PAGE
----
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    Delicate Snowflake

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Einigkeit und Recht und Freiheit
Für das deutsche Vaterland!
Danach lasst uns alle streben
Brüderlich mit Herz und Hand!
Einigkeit und Recht und Freiheit
Sind des Glückes Unterpfand;
|: Stoßet an und ruft einstimmig,
Hoch, das deutsche Vaterland.

For your information, Das Lied der Deutschen was not played at an official ceremony until Germany and Britain had agreed on the Helgoland-Zanzibar Treaty in 1890, when it appeared only appropriate to sing it at the ceremony on the now officially German island of Helgoland.

The song became very popular after the 1914 Battle of Langemarck during World War I, when several German regiments, consisting mostly of students no older than 16, attacked the British lines singing this song, suffering heavy casualties. They are buried in the Langemark German war cemetery. The official report of the army embellished the event as one of young German soldiers heroically sacrificing their lives for the fatherland. In reality the untrained troops were sent out to attack the British trenches side by side and were mowed down by machine guns. This report, also known as the "Langemarck Myth", was printed on the first page in newspapers all over Germany.

In 1921, a stanza was written that reflected the situation after Germany's defeat (see below for lyrics). This stanza was popular at that time, but never became part of the official anthem. Today this stanza is largely forgotten.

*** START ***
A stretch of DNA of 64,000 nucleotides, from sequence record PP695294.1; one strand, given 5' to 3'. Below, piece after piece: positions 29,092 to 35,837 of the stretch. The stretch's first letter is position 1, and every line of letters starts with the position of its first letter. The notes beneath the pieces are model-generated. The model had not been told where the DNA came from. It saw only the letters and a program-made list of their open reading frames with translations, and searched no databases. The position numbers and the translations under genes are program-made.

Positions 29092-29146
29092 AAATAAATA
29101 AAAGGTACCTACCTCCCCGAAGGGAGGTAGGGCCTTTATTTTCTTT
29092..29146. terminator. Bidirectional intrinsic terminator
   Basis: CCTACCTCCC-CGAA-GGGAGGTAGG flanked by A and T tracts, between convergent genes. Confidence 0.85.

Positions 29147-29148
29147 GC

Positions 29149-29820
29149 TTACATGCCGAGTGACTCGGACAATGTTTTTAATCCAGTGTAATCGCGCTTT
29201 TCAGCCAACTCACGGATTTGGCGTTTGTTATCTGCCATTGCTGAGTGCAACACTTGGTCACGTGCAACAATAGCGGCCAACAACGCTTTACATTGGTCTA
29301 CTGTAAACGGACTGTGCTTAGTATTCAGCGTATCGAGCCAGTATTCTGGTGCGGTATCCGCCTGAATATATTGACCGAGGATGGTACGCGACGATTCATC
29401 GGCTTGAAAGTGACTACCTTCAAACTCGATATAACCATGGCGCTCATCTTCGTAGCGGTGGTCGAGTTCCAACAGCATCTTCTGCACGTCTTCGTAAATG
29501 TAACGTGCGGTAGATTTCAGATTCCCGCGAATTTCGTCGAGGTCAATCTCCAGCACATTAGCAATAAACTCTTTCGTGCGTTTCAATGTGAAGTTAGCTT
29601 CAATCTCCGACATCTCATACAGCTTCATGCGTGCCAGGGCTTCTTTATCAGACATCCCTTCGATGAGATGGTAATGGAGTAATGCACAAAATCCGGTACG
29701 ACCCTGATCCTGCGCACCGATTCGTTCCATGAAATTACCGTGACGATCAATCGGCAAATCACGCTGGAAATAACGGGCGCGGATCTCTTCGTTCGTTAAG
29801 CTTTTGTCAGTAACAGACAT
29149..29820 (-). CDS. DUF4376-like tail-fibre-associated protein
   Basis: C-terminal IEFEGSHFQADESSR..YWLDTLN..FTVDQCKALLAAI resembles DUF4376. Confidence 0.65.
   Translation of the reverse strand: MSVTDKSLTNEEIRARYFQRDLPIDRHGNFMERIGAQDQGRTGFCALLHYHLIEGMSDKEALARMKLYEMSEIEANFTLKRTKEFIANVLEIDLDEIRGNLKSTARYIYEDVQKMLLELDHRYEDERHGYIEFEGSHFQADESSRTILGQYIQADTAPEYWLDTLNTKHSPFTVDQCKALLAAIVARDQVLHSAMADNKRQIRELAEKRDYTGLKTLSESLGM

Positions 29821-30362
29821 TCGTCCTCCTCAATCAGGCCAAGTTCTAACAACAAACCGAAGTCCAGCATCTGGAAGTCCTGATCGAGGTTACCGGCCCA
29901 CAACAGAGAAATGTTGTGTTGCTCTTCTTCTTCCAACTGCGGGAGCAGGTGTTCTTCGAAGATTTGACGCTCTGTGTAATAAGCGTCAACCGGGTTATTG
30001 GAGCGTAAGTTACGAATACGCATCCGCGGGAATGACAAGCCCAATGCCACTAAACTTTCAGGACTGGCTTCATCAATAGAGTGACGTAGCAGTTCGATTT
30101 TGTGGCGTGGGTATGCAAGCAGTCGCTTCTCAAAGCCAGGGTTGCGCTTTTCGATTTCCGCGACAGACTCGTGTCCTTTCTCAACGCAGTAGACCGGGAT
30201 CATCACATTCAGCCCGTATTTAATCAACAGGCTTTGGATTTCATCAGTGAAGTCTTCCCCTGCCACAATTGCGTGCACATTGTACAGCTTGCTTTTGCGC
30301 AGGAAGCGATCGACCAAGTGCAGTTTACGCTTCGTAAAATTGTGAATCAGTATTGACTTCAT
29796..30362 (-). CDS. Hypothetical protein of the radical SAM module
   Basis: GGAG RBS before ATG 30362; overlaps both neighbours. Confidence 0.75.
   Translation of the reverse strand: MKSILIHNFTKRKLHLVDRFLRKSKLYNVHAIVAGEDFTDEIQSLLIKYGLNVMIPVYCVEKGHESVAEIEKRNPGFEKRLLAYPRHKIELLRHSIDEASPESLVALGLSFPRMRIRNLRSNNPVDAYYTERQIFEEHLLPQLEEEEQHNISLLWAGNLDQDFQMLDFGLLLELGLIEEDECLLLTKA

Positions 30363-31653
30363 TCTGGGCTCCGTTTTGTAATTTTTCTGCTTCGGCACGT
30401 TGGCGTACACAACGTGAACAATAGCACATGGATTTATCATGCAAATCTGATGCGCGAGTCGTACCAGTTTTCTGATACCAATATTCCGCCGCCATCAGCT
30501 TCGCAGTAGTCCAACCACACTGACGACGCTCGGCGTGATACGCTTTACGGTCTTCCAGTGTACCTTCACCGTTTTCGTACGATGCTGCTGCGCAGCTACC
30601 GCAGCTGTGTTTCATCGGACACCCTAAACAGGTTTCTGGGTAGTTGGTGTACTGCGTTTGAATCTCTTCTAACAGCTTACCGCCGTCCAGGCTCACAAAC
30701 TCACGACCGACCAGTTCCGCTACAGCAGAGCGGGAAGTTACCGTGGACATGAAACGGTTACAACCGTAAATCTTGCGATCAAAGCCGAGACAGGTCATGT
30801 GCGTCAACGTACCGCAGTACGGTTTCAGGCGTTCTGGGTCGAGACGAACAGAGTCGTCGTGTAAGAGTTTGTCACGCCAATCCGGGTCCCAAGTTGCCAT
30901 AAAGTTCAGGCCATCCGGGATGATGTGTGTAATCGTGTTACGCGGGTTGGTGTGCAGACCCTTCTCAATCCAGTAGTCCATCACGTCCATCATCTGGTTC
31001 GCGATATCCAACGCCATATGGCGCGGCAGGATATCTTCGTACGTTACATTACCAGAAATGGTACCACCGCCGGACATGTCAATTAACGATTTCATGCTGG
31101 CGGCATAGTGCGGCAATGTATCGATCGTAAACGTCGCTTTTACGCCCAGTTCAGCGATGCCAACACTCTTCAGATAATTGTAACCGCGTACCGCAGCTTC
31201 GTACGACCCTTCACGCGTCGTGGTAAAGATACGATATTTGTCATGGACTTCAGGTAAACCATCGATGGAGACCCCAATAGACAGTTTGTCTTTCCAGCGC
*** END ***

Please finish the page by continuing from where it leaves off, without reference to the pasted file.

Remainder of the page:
As a result of the war, the Austro-Hungarian Empire fell apart. The remaining German-speaking part declared the Republic of German Austria and intended to join Germany. With this, the united Germany as described 80 years earlier in the Deutschlandlied would have been achieved.

Yet, the Treaty of Saint-Germain prohibited this, and required the use of the name Austria instead. In addition, South Tyrol was occupied and annexed by Italy which now controlled the river Etsch in its full length. Also, among other territories, the Treaty of Versailles stripped Germany of areas near the other borders that were described 80 years earlier in the Deutschlandlied:

* in the North, Northern Schleswig at the Belt was ceded to Denmark after the Schleswig Plebiscites
* in the West, the cities Eupen and Malmedy located well East of the Maas, became part of Belgium in 1925 after plebiscites that required names and addresses of the voters
* in the East, the Memelland beyond the Memel was put under control of France and later transferred to Lithuania without plebiscite, making the Memel the new border
* in the South, Italy annexed South Tyrol, and thus all of the river Etsch

On 11 August 1922, President Friedrich Ebert made all three official stanzas of Das Lied der Deutschen the official German national anthem. This choice certainly also served as a reminder of the lost areas.

During the Nazi era, the first stanza was heavily used, unlike the second and especially the third, which did not fit at all into the agenda with its "freedom and justice". Instead, the Horst-Wessel-Lied was played after the first stanza.

In the Anschluss of 1938, Hitler added Austria to the German Reich, and in 1939, pressured Lithuania into returning the Memelland. His deal with Mussolini regarding South Tyrol required the population there to choose the Option in the province of Bolzano-Bozen: either emigrating to neighboring Nazi Germany or remaining in the province and being forcefully integrated in to the mainstream Italian culture, losing their language and cultural heritage. Thus Hitler himself not only ignored the heritage of the Deutschlandlied, but actively started the series of expulsions of Germans from their traditional home lands that was later continued in the East.
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